♫ ‘Well it’s the only thing I could do half right and it’s turning out all wrong ma….’ ♫
You hum it Melanie and I’ll pick it up as we go along.
I love video games and can still remember Jacaranda Jim, the first game I ever played. Imagine a game with white text on a black screen, or if you were really extravagant, green text on a black screen. With just a keyboard for input, you would tell Jim to turn right, go west or east and thus you progressed through the game, which of course was the hook.
Of course, video games have come along somewhat since those heady days and what we see today are complex multi-million dollar blockbusters that can give the gamer a total immersion experience, and I for one am a total nut for them.
In many games today, the attention to detail is quite staggering. Characters are brought to life in such a way as they almost live and breath, jumping from the screen. The action scenes are equally intense and require the reactions of a cat to keep up.
Save, save, save
Of course, with progression comes change. Games have been developed for numerous platforms over the years and we now find ourselves dominated in the main by console and PC games… and therein lies the rub.
PC gamers had a major advantage over console gamers in the early days as we had a relatively large amount of space in which to save our progress throughout. Many versions of console games relied on checkpoints which effectively created an automatic save at given points during the game. Of course, there were always specific advantages to checkpoints in that it’s almost impossible to save a game if you were about to be eaten alive by a tiger or blown to a million pieces by an RPG.
But that never stopped the PC gamer from saving with such gay abandon. Oh no! If it can be saved, it will be saved damn you!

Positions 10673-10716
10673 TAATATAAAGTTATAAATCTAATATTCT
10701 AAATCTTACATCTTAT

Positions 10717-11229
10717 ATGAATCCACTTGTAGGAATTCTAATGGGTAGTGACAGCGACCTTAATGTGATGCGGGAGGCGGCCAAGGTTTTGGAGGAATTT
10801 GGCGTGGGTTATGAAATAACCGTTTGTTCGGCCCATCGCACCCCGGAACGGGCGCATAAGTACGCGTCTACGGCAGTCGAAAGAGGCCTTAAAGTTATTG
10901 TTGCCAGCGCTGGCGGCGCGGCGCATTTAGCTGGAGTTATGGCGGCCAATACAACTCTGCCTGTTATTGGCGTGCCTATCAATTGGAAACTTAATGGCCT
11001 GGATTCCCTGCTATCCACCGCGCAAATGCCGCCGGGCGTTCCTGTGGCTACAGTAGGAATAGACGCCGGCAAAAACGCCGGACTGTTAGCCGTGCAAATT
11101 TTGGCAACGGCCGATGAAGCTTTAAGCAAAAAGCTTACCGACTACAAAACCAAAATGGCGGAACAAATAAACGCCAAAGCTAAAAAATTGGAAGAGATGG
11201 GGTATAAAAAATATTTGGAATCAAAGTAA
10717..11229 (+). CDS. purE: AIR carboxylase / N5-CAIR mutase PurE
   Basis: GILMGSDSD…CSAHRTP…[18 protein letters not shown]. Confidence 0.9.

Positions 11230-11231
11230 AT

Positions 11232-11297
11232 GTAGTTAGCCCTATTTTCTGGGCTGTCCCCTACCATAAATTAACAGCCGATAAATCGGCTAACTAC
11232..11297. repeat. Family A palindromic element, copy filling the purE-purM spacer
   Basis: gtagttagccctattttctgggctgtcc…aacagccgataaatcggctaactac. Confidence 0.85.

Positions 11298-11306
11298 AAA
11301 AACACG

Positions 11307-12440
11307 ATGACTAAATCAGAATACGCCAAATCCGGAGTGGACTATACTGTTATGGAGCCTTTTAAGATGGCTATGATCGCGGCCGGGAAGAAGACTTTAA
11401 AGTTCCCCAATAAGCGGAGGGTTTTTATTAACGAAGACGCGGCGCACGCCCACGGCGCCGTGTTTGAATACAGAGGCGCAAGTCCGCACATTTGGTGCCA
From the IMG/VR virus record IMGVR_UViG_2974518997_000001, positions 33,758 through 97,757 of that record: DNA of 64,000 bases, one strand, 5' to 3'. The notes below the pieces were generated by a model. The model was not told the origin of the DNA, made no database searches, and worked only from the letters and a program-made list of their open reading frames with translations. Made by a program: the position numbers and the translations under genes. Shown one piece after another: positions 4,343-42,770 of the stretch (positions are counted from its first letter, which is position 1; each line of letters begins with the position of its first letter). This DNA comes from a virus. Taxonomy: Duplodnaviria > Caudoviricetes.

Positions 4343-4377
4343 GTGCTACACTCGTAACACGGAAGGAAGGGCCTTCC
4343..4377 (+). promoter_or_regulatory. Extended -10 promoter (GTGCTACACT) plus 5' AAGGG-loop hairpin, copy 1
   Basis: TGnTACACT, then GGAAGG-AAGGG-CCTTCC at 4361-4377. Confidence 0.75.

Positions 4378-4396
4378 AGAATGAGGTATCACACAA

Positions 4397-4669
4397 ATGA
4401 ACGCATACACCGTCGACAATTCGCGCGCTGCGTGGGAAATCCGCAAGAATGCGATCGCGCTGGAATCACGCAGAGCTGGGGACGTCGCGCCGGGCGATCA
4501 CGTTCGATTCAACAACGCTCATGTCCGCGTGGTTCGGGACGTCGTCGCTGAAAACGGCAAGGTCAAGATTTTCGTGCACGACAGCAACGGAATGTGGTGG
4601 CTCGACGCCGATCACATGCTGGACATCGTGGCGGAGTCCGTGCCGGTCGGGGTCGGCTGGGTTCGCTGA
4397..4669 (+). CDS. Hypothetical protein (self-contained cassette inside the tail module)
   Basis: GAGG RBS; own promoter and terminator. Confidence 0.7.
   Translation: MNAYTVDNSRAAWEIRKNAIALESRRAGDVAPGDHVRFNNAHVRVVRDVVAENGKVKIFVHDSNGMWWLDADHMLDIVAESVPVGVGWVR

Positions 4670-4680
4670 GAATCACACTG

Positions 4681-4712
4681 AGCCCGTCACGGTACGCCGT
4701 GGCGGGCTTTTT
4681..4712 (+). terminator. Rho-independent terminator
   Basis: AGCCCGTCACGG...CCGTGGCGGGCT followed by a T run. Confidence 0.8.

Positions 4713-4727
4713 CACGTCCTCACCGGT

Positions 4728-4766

But now the lines between consoles and PCs have become blurred in terms of generics as more developers create games for the Playstation and XBox platforms for purely commercial reasons and later port them to the PC, with Grand Theft Auto 5 being a classic case in point.
This has resulted in most major releases relying on a predefined checkpoint system, with many titles not having a manual save system whatsoever. What remnant of a save system that is left remains totally ineffective in practice as the game will only ever pick up from one of these checkpoints.
Pump up the action
One of the many arguments for the checkpoint system is that it maintains in-game excitement and adds to the flow of the story, an argument I don’t buy. It could be generational of course, as many younger gamers I’ve spoken to say they prefer checkpoints even though they’ve played older titles on PC.
Many believe this is the beginning of the end and removes much of the control the player once had.
I’ll illustrate my point for you
You’re in the jungle, low on ammo and not doing doing too well in the health department either. You need to defeat an army of 150 mercenaries who are armed to the teeth and want your blood for breakfast.
Sounds easy doesn’t it? Yeah, that’s what I thought.
So you sneak up through the castle ruins, pick off mercs one by one, with a few decent head-shots along the way and you feel very pleased with yourself.
Then you get all cocky and decide to take a sentry down with your jungle knife as it’s a silent kill, but what you don’t see is another sentry on a distant hill who has you very clearly in his scope.
Neither do you see nature’s finest about to have you for lunch. The last thing you remember is the blood coming out of your eyes and it’s game over!
But wait, you’d saved the game hadn’t you? Surely you did, didn’t you?
Of course you didn’t, because the game won’t let you save during a critical mission because they want you to keep the adrenaline pumping.
So you attempt the level again until the sun’s coming back up for the sixteenth time and…..
Mash, mash and mash again
Enter the quick time event or QTE, which on first sight left me a tad confused as I’d never heard of mashing and didn’t know such a key existed.
One soon realizes that the QTE is a non negotiable element of some modern video games and can go something like this:
Mash E to get away from monster, mash left and right to climb hill, mash F to steal soldier’s weapon and hold E to set fire to his head……………
Sounds exhausting doesn’t it? Did you manage it?
Well if you didn’t, you’re going to have to start all over again, sit through the seemingly endless cut-scene, mash and hold your way through the QTE and if your keyboard survives that, you’ll be rewarded with yet another unskippable cut-scene of our heroine mopping her brow under some Venezuelan waterfall while you go for a three course meal round the corner.
Can I play now please?
Now, we all love a good blockbuster on a cold and rainy night. We like to put our feet up, open up the Chardonnay, flop out on the sofa and fire up the remote. That’s what it could feel like in the not too distant future of video gaming.
And hey kids, if you think this is a rant, I’ve only just begun.